(Kaselitz Decl., Ex. A at 5, ECF No. 10-2). Plaintiff construes this language to mean that "it is within the arbitrator's discretion whether or not to award any attorney's fees and/or costs at all." (ECF No. 12 at 7). So construed, Plaintiff contends that "this is in direct contravention to the [California] Labor Code's mandatory award of attorney's fees and costs provisions pursuant to Sections 1194 and 226." Id. Sears construes the above language in the Agreement to mean "that the arbitrator has the power to award any remedy to which a party is entitled, and that no party shall be deprived of any remedy to which it is entitled." (ECF No. 13 at 9). Sears contends: "No reasonable person could read these sentences and conclude that the arbitrator can discretionarily refuse to award a remedy to which a party is legally entitled. A mandatory award of attorneys' fees and costs pursuant to Labor Code Sections 1194 and 226 is a remedy otherwise available to an individual in a court of law - thus, such a remedy is not forfeited by virtue of the Agreement." Id.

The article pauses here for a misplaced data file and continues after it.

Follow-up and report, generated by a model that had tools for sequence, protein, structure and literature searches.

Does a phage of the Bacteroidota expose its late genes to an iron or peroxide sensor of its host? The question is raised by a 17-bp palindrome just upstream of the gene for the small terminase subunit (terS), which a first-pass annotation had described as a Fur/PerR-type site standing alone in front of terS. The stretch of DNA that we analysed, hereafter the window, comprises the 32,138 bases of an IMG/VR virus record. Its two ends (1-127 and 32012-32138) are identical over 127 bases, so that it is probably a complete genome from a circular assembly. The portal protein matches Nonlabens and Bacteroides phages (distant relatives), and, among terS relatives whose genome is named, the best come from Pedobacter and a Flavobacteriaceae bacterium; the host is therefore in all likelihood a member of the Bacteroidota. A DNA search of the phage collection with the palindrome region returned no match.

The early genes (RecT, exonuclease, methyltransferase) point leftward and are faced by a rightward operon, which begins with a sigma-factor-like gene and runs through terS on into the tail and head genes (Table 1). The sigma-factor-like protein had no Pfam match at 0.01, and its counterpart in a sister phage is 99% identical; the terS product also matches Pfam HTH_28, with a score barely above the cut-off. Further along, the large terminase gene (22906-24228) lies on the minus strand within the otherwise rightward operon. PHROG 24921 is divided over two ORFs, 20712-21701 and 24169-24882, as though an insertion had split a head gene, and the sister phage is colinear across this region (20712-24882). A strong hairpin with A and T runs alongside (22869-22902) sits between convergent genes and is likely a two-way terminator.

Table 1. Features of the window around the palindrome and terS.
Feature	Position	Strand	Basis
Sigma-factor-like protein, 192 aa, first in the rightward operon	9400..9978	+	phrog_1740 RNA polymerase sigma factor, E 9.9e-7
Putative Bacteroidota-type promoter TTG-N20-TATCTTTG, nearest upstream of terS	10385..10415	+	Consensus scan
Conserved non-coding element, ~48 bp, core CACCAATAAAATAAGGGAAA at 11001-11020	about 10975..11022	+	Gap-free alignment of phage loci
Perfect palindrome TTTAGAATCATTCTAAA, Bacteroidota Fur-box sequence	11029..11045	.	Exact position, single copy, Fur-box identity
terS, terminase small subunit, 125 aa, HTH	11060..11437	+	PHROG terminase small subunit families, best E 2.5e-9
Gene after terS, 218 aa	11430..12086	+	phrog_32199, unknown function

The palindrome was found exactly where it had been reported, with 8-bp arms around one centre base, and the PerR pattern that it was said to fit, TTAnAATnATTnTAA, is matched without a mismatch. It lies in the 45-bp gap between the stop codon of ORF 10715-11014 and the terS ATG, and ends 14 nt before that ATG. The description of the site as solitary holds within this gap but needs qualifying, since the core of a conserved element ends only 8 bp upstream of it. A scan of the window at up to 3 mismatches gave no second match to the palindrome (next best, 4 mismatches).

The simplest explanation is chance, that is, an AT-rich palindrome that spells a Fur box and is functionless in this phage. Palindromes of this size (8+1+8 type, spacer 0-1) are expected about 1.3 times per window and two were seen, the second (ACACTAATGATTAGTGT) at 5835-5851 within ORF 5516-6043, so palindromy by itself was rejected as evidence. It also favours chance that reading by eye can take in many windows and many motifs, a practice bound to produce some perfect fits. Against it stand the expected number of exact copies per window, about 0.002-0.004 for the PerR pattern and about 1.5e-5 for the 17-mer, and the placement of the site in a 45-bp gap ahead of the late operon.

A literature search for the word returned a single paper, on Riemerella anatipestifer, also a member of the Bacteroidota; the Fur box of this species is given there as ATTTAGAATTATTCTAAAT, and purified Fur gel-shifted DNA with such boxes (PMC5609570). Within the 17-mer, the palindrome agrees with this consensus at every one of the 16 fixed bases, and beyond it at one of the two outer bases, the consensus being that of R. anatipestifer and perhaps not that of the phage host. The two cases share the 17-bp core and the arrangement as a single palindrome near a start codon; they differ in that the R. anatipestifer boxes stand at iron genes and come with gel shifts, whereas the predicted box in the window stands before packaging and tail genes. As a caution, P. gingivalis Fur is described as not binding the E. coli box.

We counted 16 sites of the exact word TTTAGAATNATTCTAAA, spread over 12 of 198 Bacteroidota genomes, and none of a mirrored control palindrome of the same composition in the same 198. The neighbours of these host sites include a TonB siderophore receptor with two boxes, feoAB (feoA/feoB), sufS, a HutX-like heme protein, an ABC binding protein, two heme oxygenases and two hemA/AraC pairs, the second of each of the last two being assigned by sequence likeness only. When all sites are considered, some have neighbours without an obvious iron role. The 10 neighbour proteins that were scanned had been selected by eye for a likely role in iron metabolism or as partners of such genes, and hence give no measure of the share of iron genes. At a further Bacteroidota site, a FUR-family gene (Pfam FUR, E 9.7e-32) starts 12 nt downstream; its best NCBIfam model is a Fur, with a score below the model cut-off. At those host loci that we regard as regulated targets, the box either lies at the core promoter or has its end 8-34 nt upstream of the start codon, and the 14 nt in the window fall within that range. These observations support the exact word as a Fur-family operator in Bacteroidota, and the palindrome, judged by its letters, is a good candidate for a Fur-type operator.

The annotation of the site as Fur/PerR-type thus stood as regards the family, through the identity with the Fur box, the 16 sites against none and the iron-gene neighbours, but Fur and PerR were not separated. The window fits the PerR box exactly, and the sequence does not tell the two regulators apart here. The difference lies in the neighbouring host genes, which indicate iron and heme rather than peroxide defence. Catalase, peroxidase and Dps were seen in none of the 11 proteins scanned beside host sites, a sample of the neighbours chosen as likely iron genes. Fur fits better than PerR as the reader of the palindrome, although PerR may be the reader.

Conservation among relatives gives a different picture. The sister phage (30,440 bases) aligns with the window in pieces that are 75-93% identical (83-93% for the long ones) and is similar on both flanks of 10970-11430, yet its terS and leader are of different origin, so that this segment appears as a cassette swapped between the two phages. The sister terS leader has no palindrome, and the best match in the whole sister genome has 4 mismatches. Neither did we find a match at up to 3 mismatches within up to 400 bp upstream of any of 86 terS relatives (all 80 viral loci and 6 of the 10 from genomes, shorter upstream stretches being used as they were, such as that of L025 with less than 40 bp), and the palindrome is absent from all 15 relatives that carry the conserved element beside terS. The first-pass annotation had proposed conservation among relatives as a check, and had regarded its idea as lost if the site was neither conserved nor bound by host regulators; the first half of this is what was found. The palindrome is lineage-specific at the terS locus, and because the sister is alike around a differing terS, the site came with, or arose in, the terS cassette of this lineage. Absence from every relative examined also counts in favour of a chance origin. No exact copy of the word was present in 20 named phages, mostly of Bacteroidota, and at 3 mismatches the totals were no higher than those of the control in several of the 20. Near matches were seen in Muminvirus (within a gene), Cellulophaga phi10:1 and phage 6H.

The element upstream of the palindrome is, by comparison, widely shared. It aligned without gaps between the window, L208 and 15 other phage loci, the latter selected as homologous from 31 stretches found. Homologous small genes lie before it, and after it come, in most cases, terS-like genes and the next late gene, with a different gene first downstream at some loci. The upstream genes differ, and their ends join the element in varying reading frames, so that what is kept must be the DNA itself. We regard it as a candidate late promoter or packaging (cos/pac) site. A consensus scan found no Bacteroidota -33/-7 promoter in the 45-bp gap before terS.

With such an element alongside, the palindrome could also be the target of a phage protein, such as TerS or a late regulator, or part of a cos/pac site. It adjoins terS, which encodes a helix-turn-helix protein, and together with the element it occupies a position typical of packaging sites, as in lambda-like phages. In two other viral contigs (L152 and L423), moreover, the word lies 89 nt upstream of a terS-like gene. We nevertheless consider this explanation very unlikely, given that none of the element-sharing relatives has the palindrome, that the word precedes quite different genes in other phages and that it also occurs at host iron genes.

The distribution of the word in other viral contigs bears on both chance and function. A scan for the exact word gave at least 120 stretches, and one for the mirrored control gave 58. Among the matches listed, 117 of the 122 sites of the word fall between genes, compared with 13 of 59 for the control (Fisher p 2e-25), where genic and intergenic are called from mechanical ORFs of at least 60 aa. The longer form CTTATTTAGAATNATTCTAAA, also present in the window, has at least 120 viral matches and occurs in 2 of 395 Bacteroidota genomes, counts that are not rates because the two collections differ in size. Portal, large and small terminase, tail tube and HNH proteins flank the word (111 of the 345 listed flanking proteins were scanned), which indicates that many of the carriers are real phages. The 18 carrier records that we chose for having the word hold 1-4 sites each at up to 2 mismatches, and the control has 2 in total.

The Court finds that the reasonable construction of the language at issue in the Agreement is that if an employee would be entitled to a mandatory attorney's fee award in a court of law, then that remedy is not "forfeited by virtue of th[e] Agreement." (Kaselitz Decl., Ex. A at 5, ECF No. 10-2). Even if the language at issue were ambiguous, the Court would interpret the language in a manner that would render it lawful. See Pearson Dental Supplies, Inc. v. Superior Court, 48 Cal. 4th 665, 682 (2010) ("When an arbitration provision is ambiguous, we will interpret that provision, if reasonable, in a manner that renders it lawful, both because of our public policy in favor of arbitration as a speedy and relatively inexpensive means of dispute resolution, and because of the general principle that we interpret a contractual provision in a manner that renders it enforceable rather than void.") (citations omitted). The Court finds that the language at issue does not render the Agreement substantively unconscionable.